Share
Venezuela’s opposition leader ‘detained’

Venezuela’s opposition leader ‘detained’

Image copyright AFP Image caption Juan Guaidó is the speaker of Venezuela’s National Assembly The head of Venezuela’s opposition-controlled parliament was briefly detained days after saying he was ready to assume the country’s presidency.A video posted on social media appears to show the moment intelligence agents intercept Juan Guaidó’s car in a busy road north…

Juan Guaidó in a file picture Image copyright AFP
Image caption Juan Guaidó is the speaker of Venezuela’s National Assembly

The head of Venezuela’s opposition-controlled parliament was briefly detained days after saying he was ready to assume the country’s presidency.

A video posted on social media appears to show the moment intelligence agents intercept Juan Guaidó’s car in a busy road north of the capital, Caracas.

Two journalists detained while covering the case have also been released.

President Nicolás Maduro was sworn in for a second six-year term on Thursday. The opposition calls him illegitimate.

Mr Guaidó – who said on Friday he was ready to assume the Venezuelan presidency on an interim basis – was detained on his way to a political rally in the northern state of Vargas, opposition members said.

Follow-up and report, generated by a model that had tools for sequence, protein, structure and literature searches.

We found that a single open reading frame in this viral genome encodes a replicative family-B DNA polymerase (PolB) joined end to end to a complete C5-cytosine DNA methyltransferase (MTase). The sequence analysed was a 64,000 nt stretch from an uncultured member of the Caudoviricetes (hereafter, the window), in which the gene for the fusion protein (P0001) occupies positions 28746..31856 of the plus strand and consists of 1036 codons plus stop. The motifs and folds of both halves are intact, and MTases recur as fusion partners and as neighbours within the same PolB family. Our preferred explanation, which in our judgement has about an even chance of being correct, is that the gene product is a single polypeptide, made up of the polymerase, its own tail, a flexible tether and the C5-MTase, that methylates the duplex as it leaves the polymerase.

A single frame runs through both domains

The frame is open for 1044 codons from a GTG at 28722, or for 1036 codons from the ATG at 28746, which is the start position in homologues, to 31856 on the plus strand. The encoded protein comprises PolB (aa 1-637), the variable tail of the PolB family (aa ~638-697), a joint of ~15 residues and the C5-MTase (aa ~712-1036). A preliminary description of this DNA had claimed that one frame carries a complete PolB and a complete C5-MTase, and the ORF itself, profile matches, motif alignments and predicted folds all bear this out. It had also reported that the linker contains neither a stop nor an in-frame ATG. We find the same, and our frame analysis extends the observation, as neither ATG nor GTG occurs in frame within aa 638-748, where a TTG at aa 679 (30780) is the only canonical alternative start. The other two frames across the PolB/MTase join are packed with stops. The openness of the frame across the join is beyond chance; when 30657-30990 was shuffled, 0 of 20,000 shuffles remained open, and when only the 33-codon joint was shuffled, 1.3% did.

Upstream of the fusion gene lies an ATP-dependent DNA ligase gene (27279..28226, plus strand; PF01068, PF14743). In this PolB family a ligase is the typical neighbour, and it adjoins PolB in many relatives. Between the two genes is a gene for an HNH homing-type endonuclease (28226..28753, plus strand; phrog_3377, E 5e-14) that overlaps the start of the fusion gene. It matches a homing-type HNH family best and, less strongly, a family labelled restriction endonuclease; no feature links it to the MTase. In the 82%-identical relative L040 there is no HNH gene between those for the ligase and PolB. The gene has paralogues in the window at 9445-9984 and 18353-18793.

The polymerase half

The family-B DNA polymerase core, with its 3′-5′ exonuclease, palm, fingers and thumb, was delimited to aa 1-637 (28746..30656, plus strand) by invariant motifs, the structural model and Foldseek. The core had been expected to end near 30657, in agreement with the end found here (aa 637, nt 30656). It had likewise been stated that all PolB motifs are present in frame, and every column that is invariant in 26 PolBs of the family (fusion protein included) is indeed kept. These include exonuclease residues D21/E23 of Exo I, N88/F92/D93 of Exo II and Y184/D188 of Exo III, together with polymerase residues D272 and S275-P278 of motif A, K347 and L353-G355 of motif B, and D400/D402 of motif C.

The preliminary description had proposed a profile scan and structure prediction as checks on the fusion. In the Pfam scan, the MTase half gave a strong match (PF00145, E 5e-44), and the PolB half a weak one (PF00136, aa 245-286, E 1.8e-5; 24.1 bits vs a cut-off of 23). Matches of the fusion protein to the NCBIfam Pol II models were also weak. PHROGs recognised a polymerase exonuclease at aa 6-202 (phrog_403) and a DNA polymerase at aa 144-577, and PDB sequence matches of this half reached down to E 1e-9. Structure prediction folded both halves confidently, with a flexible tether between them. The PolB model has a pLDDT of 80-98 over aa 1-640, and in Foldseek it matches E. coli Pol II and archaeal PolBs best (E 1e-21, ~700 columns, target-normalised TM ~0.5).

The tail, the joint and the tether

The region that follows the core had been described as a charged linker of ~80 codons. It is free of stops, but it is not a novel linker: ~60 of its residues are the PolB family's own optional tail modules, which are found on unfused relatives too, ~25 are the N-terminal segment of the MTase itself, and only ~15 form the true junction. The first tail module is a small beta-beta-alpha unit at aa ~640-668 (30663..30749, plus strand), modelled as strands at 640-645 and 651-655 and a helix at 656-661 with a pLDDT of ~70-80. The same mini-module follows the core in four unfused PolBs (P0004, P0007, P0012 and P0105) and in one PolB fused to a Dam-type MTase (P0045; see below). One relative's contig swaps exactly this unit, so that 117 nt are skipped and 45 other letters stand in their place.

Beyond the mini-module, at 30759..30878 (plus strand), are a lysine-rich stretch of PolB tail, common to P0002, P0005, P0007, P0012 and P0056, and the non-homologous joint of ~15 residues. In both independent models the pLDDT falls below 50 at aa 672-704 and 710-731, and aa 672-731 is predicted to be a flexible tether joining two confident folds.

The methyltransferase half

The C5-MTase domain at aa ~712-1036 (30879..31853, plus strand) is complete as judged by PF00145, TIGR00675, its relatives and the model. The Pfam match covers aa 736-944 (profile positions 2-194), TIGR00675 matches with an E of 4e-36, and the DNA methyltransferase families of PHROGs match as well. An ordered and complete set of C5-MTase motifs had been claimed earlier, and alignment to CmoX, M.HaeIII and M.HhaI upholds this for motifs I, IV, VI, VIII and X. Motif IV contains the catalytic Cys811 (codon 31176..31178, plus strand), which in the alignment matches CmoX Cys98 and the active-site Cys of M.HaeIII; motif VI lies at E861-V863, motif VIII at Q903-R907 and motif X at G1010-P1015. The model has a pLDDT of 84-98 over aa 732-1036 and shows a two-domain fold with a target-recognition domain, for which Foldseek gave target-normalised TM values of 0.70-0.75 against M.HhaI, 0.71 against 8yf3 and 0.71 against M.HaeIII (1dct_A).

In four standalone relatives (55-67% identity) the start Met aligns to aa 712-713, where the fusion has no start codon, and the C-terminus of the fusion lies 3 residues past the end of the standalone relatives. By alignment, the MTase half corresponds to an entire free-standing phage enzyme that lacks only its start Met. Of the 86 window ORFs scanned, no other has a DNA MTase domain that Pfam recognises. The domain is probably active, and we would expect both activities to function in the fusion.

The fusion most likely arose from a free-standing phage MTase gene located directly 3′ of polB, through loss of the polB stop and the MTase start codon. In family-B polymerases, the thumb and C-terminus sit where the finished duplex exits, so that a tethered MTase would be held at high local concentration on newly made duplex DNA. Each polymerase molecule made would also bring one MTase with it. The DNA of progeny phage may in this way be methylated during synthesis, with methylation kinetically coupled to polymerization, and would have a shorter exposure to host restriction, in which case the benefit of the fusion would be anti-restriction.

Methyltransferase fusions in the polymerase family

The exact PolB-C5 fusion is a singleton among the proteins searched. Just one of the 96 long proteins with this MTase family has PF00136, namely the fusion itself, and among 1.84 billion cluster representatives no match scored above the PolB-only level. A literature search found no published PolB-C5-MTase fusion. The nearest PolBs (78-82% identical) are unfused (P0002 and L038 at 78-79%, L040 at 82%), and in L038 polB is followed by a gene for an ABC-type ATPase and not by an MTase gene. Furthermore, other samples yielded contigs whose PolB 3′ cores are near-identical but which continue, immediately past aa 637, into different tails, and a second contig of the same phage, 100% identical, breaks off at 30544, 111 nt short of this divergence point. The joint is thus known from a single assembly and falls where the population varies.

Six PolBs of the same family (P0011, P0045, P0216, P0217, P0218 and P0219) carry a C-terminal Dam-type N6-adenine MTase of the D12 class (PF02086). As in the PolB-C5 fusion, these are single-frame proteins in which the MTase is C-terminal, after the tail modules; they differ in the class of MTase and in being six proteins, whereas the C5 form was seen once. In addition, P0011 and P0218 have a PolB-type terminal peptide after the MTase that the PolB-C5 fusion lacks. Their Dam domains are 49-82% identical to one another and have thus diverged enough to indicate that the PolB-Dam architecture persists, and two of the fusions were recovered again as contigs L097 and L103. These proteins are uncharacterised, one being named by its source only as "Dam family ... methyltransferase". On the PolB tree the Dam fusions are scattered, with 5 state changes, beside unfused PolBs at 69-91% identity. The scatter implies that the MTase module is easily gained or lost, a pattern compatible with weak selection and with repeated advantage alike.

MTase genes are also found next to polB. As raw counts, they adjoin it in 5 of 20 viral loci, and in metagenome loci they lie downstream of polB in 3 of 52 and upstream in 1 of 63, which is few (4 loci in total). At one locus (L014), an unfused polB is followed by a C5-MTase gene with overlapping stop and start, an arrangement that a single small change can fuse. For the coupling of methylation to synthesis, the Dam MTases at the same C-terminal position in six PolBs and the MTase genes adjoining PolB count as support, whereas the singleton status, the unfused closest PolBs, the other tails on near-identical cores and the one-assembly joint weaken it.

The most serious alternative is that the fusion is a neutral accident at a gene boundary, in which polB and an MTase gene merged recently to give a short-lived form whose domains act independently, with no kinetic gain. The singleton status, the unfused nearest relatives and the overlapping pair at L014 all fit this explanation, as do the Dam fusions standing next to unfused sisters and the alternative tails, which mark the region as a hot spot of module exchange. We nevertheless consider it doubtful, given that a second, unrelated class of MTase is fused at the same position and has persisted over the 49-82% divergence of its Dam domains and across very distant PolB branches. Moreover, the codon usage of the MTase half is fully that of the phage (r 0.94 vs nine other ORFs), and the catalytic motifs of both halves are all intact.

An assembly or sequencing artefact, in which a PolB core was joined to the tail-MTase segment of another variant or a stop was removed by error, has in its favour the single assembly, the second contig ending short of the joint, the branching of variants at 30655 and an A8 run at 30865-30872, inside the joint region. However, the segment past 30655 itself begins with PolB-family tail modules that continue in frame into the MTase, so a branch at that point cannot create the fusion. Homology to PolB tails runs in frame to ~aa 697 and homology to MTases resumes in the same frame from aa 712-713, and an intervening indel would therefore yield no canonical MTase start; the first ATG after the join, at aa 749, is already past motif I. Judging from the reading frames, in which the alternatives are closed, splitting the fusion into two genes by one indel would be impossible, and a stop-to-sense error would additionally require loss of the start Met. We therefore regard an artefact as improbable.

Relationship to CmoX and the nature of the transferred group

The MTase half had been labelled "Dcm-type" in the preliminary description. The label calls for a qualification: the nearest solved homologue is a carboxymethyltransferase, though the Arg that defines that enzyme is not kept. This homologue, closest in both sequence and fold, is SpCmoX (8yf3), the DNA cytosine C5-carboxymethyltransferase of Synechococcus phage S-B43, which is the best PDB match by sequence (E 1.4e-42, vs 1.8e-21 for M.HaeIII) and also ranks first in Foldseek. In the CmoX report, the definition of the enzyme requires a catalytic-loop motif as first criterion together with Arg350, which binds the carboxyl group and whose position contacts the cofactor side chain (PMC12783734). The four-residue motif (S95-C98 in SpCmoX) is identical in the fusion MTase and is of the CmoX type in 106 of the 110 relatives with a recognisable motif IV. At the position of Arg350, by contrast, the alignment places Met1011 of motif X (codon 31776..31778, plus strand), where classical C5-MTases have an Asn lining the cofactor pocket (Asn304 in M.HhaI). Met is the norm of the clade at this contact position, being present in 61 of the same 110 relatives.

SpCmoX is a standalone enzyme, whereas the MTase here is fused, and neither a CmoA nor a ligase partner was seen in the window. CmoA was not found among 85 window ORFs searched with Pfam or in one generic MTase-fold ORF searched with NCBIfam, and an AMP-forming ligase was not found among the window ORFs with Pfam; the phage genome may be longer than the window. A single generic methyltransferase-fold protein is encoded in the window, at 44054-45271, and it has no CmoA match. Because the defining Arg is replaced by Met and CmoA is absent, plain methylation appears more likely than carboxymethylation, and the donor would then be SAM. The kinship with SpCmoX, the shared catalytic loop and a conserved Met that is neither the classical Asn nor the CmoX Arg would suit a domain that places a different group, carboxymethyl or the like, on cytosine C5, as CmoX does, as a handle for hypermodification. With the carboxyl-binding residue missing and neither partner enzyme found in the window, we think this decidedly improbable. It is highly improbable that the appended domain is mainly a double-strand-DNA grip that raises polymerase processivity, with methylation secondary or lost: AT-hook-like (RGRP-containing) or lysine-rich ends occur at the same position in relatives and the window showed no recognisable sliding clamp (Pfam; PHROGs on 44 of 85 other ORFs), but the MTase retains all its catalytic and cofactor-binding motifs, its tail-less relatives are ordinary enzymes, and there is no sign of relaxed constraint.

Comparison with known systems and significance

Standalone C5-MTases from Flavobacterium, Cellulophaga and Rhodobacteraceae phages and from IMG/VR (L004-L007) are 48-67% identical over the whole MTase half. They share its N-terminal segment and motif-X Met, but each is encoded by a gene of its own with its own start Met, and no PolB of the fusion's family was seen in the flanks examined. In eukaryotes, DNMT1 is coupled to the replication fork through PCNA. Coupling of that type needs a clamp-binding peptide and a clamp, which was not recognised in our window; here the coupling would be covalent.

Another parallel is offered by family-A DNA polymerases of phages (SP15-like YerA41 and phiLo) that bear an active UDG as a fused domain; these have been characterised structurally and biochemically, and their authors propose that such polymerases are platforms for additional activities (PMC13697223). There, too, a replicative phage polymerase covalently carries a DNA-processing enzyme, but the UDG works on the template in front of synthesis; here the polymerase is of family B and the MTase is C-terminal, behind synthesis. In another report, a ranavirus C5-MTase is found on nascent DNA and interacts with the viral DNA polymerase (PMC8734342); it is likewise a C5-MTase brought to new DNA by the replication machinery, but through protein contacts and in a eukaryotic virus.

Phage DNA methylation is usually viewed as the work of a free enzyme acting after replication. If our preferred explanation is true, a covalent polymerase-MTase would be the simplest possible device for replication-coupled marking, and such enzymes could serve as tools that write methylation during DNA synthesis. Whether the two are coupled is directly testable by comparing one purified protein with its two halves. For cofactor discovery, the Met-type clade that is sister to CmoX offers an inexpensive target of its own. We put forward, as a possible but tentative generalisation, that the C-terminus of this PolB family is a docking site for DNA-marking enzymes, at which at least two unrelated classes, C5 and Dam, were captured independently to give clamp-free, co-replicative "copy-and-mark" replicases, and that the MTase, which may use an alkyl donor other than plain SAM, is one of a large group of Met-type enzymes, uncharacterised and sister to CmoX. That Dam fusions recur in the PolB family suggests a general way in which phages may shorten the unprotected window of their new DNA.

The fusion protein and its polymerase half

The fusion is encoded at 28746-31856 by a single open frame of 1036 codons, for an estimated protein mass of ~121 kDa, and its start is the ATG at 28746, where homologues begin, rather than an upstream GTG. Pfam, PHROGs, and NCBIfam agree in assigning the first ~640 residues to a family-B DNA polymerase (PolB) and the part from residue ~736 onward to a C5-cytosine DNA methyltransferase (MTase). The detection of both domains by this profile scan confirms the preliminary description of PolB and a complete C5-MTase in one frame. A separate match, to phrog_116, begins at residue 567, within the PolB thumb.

His wife, Fabiana Rosales, who announced the detention on Twitter, and daughter were travelling with him, according to local media reports.

The detained journalists have been named as Beatriz Adrián, from Colombia’s Caracol television, and Osmary Hernández, who works for CNN’s Spanish news channel.

What’s happening in Venezuela?

Mr Guaidó is the speaker of the National Assembly, which has been stripped of its powers since Mr Maduro’s ruling Socialist Party lost control of it in 2016.

Mr Maduro dismissed his comments as a “show”. His re-election in May last year was marred by an opposition boycott and allegations of vote-rigging.

Image copyright Reuters

Image caption Mr Maduro was sworn in for a second six-year term as president on Thursday

Since taking office Mr Maduro has been condemned at home and abroad for alleged human rights abuses and for his handling of the economy, which is in a state of near-collapse.

Venezuela is one of the world’s largest oil producers but its overreliance on the product, which accounts for about 95% of its export earnings, left the country vulnerable when prices dropped in 2014.

As a result, the cost of imported goods like food and medicine has risen, and currency inflation has skyrocketed.

Media playback is unsupported on your device

Media captionFamilies are resorting to eating rotten meat as Venezuala’s economic crisis bites in Zulia state

The government is also increasingly struggling to get credit after it defaulted on some of its government bonds. In response, the government has printed more money, devaluing the currency further.

Mr Maduro was first elected in 2013, succeeding Hugo Chávez who died of cancer after governing for 14 years.

Read More